Today: Failing to drive the new Fiat 124, and succeeding to drive the Fiat Abarth
Here’s a word to the wise: don’t show up at an Alfa/Fiat dealership and ask to test drive the new Fiat 124 if you have absolutely no intention of buying it.
|The new Fiat 124, sleek Italian looks, functional Japanese functionality|
I say that because that is exactly what I did today and the car salesman who was demonstrably French and uninterested in American schmoozing, was not budging. If he gets his way, there will be no test driving of the 124 today. He got his way. He later added that what applied to the Fiat absolutely applied to the Alfa 4C, of which they had two in their showroom. To properly emphasize his point, he said one potential customer had to deposit $30,000 before he could drive the Alfa out of the lot.
|The Alfa 4C is a beautiful car at whatever price|
So, with my dreams of the latest Fiat thwarted, I cleared my throat and asked if I could take out an Abarth with a manual transmission. The Fiat Abarth has been around for few years now and is the sportier version of the Fiat 500. My confident tone came from the fact that I might actually buy an Abarth and I could tell that the Frenchman could tell that. He hemmed a bit as the French always do but eventually went to get the key. I’m glad he did because I’m genuinely glad I had the chance to drive it.
|The Fiat Abarth, fun with fun noises too|
Although I only drove one of the two cars, here’s a brief review of both. First, the 124.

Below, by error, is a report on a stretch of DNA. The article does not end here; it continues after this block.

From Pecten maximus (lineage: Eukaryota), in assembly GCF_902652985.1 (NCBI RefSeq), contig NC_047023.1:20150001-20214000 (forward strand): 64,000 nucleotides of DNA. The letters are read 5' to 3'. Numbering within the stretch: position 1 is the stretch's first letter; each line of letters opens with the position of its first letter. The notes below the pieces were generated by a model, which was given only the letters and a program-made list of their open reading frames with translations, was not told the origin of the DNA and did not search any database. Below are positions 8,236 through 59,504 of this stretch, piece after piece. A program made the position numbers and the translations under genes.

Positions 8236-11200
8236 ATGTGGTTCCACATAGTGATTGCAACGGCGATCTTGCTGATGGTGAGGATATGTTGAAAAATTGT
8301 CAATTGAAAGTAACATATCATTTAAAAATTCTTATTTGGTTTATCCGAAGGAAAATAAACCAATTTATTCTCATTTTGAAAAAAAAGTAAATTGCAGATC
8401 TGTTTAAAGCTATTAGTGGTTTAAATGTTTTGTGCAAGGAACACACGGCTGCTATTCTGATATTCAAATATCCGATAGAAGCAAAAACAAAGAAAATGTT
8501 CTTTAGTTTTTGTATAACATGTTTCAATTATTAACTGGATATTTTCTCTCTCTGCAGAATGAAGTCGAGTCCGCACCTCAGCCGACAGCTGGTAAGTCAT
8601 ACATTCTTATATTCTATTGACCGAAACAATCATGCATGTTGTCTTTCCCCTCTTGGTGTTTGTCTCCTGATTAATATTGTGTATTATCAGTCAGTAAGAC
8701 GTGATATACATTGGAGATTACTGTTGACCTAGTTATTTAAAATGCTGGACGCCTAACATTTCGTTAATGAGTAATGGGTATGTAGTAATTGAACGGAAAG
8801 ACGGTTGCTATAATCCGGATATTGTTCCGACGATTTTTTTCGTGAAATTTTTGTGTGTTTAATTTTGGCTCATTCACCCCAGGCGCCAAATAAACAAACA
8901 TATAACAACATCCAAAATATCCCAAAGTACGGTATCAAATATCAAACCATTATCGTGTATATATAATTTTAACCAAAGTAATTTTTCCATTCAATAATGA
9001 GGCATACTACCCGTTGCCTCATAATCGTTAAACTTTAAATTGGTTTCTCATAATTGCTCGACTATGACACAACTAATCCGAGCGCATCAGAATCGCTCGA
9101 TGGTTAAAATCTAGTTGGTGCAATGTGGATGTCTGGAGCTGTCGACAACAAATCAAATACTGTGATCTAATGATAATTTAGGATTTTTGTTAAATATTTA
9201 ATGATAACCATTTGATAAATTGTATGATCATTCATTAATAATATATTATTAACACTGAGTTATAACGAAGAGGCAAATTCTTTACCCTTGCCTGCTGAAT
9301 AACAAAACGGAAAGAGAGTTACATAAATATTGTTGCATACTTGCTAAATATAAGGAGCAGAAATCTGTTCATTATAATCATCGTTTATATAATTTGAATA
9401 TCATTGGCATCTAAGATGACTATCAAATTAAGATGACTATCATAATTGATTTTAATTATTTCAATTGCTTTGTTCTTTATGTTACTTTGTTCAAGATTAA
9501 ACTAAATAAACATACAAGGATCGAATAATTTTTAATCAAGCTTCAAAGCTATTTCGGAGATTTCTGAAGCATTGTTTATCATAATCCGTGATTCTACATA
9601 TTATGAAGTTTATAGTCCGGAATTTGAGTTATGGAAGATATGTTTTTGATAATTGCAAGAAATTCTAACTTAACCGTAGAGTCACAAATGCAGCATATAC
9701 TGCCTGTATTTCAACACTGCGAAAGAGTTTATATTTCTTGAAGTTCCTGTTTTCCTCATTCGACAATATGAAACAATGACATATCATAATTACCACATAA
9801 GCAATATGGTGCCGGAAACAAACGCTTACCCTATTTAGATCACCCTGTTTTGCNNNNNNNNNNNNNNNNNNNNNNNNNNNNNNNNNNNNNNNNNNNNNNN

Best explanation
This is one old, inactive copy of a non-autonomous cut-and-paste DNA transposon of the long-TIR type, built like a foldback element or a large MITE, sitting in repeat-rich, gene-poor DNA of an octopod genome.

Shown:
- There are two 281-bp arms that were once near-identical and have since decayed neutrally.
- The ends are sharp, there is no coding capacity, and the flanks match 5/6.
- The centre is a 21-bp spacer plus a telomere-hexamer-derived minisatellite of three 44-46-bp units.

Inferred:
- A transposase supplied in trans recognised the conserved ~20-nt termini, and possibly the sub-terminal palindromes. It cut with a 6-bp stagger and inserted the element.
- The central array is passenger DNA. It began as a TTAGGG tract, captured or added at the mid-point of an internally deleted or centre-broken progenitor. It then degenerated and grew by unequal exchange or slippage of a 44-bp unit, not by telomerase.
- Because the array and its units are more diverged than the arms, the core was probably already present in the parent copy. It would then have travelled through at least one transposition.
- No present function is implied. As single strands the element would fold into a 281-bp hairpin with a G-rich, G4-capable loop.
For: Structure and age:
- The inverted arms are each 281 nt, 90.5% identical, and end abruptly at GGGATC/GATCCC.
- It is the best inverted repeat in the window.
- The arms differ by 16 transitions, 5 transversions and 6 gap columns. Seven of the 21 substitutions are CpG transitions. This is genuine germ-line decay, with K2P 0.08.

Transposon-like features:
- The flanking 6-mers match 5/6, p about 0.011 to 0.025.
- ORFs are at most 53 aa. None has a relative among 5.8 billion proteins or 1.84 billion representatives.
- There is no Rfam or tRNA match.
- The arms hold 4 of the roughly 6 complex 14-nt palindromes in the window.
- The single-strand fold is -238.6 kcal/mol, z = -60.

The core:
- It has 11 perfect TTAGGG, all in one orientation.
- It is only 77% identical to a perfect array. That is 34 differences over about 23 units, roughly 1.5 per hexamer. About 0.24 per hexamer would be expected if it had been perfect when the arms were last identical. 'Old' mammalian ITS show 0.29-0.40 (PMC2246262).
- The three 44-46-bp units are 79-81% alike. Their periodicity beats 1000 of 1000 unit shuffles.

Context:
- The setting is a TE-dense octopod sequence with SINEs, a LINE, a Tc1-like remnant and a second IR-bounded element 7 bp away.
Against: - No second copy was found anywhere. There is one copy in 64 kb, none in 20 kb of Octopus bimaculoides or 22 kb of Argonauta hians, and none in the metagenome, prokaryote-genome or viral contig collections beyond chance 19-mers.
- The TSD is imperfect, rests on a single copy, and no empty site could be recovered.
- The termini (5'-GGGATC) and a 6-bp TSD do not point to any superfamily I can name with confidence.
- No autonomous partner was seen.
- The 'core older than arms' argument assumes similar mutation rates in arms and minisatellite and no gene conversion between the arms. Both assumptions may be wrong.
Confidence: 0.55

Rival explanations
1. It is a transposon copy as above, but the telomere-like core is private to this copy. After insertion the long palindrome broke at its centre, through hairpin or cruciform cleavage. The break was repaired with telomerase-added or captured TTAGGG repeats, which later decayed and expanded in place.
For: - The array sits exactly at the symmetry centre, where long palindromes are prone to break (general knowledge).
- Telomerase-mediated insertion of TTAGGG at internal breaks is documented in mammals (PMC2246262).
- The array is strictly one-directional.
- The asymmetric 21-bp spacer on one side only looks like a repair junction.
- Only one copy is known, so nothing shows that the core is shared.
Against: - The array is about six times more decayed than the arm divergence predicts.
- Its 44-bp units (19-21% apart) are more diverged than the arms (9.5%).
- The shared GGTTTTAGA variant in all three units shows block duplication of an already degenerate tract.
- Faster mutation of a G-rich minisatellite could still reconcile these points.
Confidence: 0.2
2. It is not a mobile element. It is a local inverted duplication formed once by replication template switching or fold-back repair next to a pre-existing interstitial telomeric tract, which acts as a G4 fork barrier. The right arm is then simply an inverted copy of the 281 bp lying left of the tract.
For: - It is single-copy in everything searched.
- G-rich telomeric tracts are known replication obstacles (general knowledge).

As car people know, the new Fiat 124 is made in conjunction with Mazda and presents an Italian alternative to the two-seater roadster, a segment that Mazda has dominated for the last 25 years with its Miata. Many are commenting that this recent Italian-Japanese partnership producing the 124 is a good idea all around: Japanese reliability and decades of experience, Italian flare and styling. It bears noting that on the Fiat side, the 124 is a reprint of a car they made for decades starting in the mid-1960s, so it’s a car that comes with a pedigree.
I may yet find a way to drive this car, but since today was not that day, my review will be short-lived. The cockpit is enjoyable enough though I’m told the layout is very similar to the Miata. The one thing I can comment on because I noticed almost immediately - the seat was not very comfortable.
|Cockpit of the 124 is good but not great|
I think I’m being fair by saying that I am neither a slender man (those days have long since departed), nor am I an outrageously fat man, so a seat that feels too narrow is a seat worth noting. Beyond that, pedal feel is hard to gauge from a car that isn’t moving, so I'll have nothing to add there. The car does look good, and I don’t doubt that it drives well too. Next time, I’ll either have to bring my checkbook, or do a better job of faking it.
Now, on to the Abarth, a car that I could potentially buy and actually like quite a lot. Quick and sporty with ample room in the cabin and a wonderful exhaust note, this is an exciting car. It handles well, is front-wheel drive and turbocharged but does not get great gas mileage. It also has very little in the way of storage space and it is a two door. In other words, don’t plan any long hauls with this car. It won’t be very friendly to those.
|Fiat Abarth, truly a comfortable place to be|
|The Abarth trunk is not very spacious|
In the end, it’s hard to sum up the Abarth. It’s an attractive, sporty fun machine made for driving quickly and with pleasure. It is perhaps exceptionally handy as an around-town urban car, but for the bigger jobs, it seems as though it would cause more frustrations than it would relieve.
As for my car buying plans, these two Fiats notwithstanding, nothing yet has knocked the Chevy Volt from the top spot on my list. It's a car with its own set of flaws but has that electric-gas power plant that I find very attractive. The only real rival there is the Tesla Model 3, but that’s years away. I'm open to suggestions though.